Gland nut approach. On line shows stock and Koni supplied gland nuts to hold in a Koni replacement or race insert. Lathe wizards could thread a thick tube and make custom parts. Also sectioning and re weld (for length) of various (Nissan) oem struts is shown. Koni sells gland nuts with different pitches, presumably to match oem (German) threading.

Stumbled on cable gland nuts which are interesting two part assemblies up to 50 mm, some in brass and cheap. Finally, saw 50 mm bearing nuts in steel with inside thread, low cost China. Latter might be ?brazed? to top of Fieiro tube. Ideas.
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Report this Post01-07-2021 10:48 PM Click Here to See the Profile for msweldonClick Here to Email msweldonSend a Private Message to msweldonEdit/Delete MessageReply w/QuoteDirect Link to This Post
Got my Aussie koni gland nut adapters back from machine shop... I'll post pics soon.

Do you know the spring rate / frequency you are attempting to or will dampen with the struts? Given that the koni cut a struts are setup for specific platforms it makes it even more of a crap shoot to get the right shock, and if memory serves me correctly they are only rebound adjustable with static jounce.

[This message has been edited by msweldon (edited 01-07-2021).]

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Will
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Report this Post01-08-2021 09:02 AM Click Here to See the Profile for WillClick Here to Email WillSend a Private Message to WillEdit/Delete MessageReply w/QuoteDirect Link to This Post
 
quote
Originally posted by hobbywrench:

Gland nut approach. On line shows stock and Koni supplied gland nuts to hold in a Koni replacement or race insert. Lathe wizards could thread a thick tube and make custom parts. Also sectioning and re weld (for length) of various (Nissan) oem struts is shown. Koni sells gland nuts with different pitches, presumably to match oem (German) threading.

Stumbled on cable gland nuts which are interesting two part assemblies up to 50 mm, some in brass and cheap. Finally, saw 50 mm bearing nuts in steel with inside thread, low cost China. Latter might be ?brazed? to top of Fieiro tube. Ideas.


M48x1.5 is a common large thread for gland nuts and some other applications.

Links to cable gland nuts?
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Report this Post01-08-2021 09:03 AM Click Here to See the Profile for WillClick Here to Email WillSend a Private Message to WillEdit/Delete MessageReply w/QuoteDirect Link to This Post

Will

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Member since Jun 2000
 
quote
Originally posted by Iain:

What Will said.

It's actually not that difficult to build Bilsteins, but you do need to be able to weld to a good standard. If you use s/h inserts you'll likely need to fabricate, or buy, new top mounts.
Gives you much better control of ride height and valving though.

You need the bottom brackets from a pair of struts.
Conversion tubes with spring seats.
Inserts. (40mm inverted monotube)
Springs.
Top mounts. (optional)




Where did you get your tubes, BTW?
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hobbywrench
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Report this Post01-17-2021 11:13 AM Click Here to See the Profile for hobbywrenchSend a Private Message to hobbywrenchEdit/Delete MessageReply w/QuoteDirect Link to This Post
[QUOTE]Originally posted by msweldon:

Got my Aussie koni gland nut adapters back from machine shop... I'll post pics soon.

Do you know the spring rate / frequency you are attempting to or will dampen with the struts? Given that the koni cut a struts are setup for specific platforms it makes it even more of a crap shoot to get the right shock, and if memory serves me correctly they are only rebound adjustable with static jounce.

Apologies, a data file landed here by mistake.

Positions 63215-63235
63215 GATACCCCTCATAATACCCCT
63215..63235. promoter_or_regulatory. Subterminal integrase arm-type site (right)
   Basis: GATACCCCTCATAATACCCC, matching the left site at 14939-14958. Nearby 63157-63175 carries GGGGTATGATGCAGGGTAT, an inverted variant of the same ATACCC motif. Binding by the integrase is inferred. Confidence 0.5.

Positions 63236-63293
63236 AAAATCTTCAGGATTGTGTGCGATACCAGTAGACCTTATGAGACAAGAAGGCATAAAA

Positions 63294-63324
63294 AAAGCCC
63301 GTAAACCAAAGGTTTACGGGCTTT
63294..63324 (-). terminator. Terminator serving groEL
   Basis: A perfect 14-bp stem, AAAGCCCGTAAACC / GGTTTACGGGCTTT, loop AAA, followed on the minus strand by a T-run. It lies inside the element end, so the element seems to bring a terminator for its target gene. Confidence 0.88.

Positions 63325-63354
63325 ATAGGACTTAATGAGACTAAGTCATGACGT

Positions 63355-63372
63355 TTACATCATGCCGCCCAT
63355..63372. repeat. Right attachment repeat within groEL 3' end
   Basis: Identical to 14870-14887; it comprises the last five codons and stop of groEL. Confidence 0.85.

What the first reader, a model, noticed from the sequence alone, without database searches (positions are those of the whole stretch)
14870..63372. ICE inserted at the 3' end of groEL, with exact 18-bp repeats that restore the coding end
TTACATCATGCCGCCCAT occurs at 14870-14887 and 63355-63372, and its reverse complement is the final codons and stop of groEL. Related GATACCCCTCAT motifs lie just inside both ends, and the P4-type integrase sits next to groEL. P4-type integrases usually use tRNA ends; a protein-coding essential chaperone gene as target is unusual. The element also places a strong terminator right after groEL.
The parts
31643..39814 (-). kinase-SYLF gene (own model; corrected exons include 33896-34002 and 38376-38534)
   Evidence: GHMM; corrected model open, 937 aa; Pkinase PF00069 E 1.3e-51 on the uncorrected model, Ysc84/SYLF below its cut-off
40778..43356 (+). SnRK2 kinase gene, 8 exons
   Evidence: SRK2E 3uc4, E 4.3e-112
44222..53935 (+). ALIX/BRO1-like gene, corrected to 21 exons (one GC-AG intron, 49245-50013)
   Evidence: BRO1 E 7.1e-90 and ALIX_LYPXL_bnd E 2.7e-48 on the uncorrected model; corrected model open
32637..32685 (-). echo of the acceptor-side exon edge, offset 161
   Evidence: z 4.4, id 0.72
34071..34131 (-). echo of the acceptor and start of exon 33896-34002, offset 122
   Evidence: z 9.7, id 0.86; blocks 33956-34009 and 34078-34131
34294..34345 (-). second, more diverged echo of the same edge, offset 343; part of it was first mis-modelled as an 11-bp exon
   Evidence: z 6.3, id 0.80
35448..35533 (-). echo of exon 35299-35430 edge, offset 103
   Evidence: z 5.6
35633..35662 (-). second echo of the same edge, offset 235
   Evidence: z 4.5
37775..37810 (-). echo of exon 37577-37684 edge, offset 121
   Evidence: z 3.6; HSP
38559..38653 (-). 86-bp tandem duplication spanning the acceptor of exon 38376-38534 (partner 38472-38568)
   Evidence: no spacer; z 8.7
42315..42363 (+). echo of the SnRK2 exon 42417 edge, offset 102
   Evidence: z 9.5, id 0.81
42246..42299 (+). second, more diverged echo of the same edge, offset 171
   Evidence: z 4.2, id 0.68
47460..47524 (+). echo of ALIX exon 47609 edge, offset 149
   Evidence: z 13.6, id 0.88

I confess my weekly driver sits on cut stock 85 GT springs so the usual benefit of strong spring control is not important to me. And so rebound calculation seems less important for my simple needs which are really not pressing, but interesting . I was surprised the amount of negative comment across forums on Monroe , and also surprised that among all users the Gabriel came out at or near tops for "OEM," perhaps buoyed by domestic users. Another trivium is that unlike most chatter the "new" Gabriels I bought are made in USA according to the box (ebay great price). I realize I now talk to hard core enthusiasts so my relative indifference to rebound and other parameters may grate. Still the dialogue is good ( I think).
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Report this Post01-17-2021 11:50 AM Click Here to See the Profile for hobbywrenchSend a Private Message to hobbywrenchEdit/Delete MessageReply w/QuoteDirect Link to This Post
 
quote
Originally posted by Will:


M48x1.5 is a common large thread for gland nuts and some other applications.

Links to cable gland nuts?



https://www.ebay.com/itm/M5...5ickkyMJZWL%252BqFSg Q3TOOe%252FNr7iEE226pjuZNhrzb1b2xLkXdwu5lIHxf1SJudXKWRRt8OrseWKEXqtCYakaEQ9ujo2BEYIj4q8DGIYChmGuVYy67uXTvRkonI%252BWFIT%252FeVI9jed%252BMfxWjx3QTLq4ObdnAAQXxL0g%252BUo0f2bi7FGVzxqvMnPoMMX9sKQ63cygsBP0hYifI4LD%252B04cDlG6m2n0i2XbGGMxNnudRkvPLmchv7SFqJ%252BA KU3vjsuoRbYG2tlnr4vKvNzHu3p3ebGCEFEhZdCNgNBbbULmr7F6mmmVWNShC40rb2t0UzH9jbKGi04dJYIr8GZSbtPFlLIg1L%252FjTcCND72FHY%252FCtcd%252F6QwdLHt2iddm1nB03PwODY77M8FsikD7g5i0cgtihVXQKidJPuKW9HRdC56kJRrMz5E6UQsKzbYCJiXm7ozQr2yn9QfmCyvpb3ht3O6n%252BbkL6Gnqmi4at0o9xGIo ePLUouiBN2Ys0pFyHEHPnOu%252Bk1YpIMr0d1AAvHy9ae27NikOXeN7uLUvicNc6LwNEFYWhzc6lTp%252BiD4DouSFtzXlZ%252FNXOpBHeMoeru7JUTTJfKS%252Be3ByL%252FYY12F3YHS%252B9wH9wxQt7L6yARgzOLlxAnFzOmFGkzK%252BOnazG%252BRmPvUvv9W%252BTCtvq4NxRQd1jiHqBQZJmM0xh0bImigMxEvW0R43np%2 52BtcT1tVIX2z9vloW7e4rP3MxBrWUOYBwMcvICmtdMb2T%252BXR3W9opdzxMvBtYwnU7p0%252B9mPZZBY2qdgYAQIZIn3UmP9NMQk5b%252FJ5QMqrb21nhKbQkUk%253D%7Ccksum%3A3916776237230b34d35324f74ef9af388188497ddea6%7Campid%3APL_CLK%7Cclp%3A2334524

Couldn't eliminate hash. The "metal" designation is a bit suspect, but the part is threaded. $14 before import Hong Kong. I see brass and stainless-looking examples in UK and Australia, but very expensive.